The creation of arched harps fitted with soundboxes and featuring prominent human head finials is a tradition belonging to several peoples in the central belt of Africa, including the Tsogo, Lumbo, Zande, Mangbetu, and Punu. The style of five-stringed harp found in the Mangbetu corpus, sometimes called “bow-harps,” are theorized to have been adopted by the Mangbetu from the Zande sometime around the beginning of the colonial period, possibly adapting extant harp designs which were introduced previously from the Mangbele and Matchaga.
The harp consists of two primary halves – a faceted, roughly hourglass-shaped soundbox of animal skin and a curved neck of wood – bound together with cord. The instrument is strung with vegetable or animal fiber and tuned with five long pegs that protrude from the neck. At the top of the neck is often carved a human head, though some early twentieth-century examples feature more elaborate designs with full figures.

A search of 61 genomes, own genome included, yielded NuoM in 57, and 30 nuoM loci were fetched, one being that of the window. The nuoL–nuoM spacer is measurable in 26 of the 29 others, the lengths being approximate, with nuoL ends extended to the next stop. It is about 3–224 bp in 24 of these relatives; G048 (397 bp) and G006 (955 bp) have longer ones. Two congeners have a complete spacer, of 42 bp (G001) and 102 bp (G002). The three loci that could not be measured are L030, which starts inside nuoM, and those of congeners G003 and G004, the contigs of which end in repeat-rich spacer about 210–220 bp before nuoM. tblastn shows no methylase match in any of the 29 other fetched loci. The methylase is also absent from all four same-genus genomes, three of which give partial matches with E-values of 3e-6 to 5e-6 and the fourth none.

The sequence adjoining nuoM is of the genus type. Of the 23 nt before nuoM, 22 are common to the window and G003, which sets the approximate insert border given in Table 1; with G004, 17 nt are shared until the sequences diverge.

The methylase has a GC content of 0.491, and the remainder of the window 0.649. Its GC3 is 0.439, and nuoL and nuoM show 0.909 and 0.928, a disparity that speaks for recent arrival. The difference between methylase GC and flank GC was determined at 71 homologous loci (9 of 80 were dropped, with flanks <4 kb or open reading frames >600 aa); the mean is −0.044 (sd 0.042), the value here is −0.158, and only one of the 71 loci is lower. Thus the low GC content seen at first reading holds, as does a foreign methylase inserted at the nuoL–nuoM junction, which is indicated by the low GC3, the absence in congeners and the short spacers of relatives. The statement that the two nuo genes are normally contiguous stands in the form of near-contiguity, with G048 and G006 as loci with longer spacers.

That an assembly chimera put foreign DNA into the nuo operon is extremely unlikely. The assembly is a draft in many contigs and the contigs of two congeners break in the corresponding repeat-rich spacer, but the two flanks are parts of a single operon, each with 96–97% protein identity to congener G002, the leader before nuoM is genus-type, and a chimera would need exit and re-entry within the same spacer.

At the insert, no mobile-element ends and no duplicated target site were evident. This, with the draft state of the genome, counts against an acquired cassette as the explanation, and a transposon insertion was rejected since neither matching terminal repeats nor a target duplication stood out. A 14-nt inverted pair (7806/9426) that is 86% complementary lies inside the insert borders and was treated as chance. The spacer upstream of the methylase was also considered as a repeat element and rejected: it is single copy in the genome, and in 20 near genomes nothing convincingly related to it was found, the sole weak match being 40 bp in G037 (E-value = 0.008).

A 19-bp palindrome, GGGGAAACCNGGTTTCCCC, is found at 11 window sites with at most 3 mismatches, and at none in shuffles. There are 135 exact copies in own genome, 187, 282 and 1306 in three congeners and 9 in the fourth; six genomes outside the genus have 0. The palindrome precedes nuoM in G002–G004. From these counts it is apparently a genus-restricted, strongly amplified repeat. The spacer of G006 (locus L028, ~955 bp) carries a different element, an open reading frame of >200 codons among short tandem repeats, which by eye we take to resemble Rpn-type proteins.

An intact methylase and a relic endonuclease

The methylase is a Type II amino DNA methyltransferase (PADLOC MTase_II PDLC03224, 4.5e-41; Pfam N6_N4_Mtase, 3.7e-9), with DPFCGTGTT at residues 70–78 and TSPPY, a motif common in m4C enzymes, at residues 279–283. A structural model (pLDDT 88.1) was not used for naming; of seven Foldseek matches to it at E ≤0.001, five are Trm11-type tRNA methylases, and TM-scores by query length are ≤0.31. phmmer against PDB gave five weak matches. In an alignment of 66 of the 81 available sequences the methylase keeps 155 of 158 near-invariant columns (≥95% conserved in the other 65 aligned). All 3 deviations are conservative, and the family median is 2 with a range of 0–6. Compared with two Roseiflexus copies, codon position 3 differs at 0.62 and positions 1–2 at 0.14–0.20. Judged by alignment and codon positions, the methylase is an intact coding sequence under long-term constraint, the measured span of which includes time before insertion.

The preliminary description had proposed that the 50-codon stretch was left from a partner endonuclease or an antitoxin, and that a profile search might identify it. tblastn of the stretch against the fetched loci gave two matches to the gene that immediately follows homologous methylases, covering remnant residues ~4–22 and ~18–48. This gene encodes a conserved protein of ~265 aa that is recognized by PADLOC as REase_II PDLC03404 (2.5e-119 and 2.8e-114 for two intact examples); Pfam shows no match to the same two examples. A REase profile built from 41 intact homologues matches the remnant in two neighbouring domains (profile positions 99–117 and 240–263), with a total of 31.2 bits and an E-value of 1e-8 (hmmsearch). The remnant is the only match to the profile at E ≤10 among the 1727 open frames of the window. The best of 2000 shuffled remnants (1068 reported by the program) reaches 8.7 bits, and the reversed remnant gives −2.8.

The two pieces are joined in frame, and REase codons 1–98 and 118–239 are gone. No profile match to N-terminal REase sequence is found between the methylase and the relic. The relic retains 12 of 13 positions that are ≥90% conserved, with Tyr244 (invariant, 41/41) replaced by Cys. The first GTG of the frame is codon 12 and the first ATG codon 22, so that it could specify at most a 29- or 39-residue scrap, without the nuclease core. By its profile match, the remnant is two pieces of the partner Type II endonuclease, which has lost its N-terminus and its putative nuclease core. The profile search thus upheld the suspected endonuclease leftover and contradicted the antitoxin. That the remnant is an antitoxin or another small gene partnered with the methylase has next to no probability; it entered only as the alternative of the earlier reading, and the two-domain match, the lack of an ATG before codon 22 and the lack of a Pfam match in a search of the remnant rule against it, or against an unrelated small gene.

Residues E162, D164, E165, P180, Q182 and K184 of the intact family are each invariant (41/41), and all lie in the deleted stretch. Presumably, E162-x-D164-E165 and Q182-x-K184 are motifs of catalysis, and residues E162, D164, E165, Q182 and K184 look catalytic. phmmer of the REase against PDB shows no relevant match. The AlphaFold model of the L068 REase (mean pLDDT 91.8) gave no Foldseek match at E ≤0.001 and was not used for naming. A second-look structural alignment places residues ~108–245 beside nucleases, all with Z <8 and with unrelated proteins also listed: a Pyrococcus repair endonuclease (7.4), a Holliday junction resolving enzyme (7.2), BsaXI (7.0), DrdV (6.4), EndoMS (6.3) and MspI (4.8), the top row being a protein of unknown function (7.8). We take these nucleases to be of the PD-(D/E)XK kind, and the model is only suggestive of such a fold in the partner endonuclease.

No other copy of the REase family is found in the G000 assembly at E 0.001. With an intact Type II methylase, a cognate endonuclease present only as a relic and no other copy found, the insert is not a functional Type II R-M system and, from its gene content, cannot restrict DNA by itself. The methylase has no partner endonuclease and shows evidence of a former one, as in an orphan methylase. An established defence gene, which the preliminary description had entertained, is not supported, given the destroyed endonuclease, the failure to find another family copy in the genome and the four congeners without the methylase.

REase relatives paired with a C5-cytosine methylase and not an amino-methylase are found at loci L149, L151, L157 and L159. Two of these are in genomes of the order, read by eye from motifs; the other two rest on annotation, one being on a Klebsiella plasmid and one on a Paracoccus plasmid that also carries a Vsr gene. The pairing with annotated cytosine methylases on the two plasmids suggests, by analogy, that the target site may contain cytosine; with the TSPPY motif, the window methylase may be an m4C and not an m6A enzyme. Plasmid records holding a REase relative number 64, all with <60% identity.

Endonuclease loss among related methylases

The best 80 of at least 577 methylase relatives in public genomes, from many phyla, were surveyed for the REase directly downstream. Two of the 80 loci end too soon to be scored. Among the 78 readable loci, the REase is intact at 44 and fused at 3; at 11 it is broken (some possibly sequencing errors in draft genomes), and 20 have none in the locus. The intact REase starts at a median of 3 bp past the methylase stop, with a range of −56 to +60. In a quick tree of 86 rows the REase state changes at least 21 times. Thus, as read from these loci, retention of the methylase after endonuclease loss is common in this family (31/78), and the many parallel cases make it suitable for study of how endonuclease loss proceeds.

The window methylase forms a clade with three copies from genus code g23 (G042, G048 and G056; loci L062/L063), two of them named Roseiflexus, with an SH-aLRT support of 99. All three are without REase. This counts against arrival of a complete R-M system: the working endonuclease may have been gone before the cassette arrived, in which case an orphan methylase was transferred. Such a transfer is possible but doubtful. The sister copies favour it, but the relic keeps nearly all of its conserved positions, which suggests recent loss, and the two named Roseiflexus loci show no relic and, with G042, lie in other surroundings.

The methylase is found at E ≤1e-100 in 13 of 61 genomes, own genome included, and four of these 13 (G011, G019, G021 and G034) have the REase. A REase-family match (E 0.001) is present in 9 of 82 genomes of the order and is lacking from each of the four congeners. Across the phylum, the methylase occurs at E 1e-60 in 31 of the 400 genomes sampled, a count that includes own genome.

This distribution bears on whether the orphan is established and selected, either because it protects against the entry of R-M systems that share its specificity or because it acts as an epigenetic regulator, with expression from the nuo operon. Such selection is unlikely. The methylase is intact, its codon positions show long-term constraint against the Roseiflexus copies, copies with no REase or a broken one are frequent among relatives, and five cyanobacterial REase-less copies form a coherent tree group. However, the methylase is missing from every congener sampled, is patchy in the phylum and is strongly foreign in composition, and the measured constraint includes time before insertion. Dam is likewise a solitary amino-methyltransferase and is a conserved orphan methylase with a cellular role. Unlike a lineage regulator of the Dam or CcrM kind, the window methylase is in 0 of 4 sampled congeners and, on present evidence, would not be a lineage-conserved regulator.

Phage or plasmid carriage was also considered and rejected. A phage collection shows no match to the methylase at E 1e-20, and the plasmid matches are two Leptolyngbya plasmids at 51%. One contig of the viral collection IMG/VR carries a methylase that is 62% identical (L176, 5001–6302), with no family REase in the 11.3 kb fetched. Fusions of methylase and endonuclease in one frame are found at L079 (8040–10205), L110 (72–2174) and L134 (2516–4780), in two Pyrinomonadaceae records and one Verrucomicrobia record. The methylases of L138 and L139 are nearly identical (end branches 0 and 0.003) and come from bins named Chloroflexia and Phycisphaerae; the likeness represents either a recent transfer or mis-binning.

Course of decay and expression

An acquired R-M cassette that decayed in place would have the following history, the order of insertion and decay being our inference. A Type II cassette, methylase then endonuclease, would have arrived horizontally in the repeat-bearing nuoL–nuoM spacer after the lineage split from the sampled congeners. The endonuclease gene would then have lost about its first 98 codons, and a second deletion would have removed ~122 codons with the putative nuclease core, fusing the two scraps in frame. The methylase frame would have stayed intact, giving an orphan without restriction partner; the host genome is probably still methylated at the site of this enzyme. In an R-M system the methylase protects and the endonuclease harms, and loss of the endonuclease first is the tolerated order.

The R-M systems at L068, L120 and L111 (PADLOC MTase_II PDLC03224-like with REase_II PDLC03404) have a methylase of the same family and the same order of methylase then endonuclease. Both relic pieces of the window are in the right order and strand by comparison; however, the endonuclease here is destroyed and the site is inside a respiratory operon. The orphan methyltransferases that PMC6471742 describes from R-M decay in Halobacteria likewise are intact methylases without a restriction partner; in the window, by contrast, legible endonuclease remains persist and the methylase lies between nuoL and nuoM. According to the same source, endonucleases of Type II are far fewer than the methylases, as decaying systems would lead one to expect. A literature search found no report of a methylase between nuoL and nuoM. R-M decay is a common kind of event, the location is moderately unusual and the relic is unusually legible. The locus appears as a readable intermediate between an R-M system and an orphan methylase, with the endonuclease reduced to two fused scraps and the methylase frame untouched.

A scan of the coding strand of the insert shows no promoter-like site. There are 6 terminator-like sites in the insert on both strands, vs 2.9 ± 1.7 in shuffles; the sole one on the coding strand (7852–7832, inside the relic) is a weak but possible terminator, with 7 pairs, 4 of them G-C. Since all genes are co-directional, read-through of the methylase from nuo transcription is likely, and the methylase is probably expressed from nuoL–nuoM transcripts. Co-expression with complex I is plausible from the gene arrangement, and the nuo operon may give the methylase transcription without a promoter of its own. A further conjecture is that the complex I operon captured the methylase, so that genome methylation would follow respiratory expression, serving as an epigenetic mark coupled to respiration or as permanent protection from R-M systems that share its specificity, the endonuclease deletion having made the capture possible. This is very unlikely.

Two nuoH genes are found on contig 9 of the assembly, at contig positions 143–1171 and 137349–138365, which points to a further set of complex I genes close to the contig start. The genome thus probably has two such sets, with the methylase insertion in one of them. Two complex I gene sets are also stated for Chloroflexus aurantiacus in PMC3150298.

Little is known of the music that was played upon these harps, but ethnologist Georg August Schweinfurth, writing in the 1870s, recorded that they were played with great zeal and often for prodigious lengths of time, producing monotonous sounds that served primarily as an accompaniment to oral recitation and which transported their players “into a profound ecstasy.”
This example is preserved in good condition, though its strings are missing. The head finial is carved with simple, strong, and stylized shapes, with a ridged coiffure that sweeps smoothly back to the neck. Its mouth is agape, likely a direct reference to the tireless oral recitations of the harpist. A dark patina emphasizes and solidifies the instrument’s curved silhouette, increasing its sculptural force.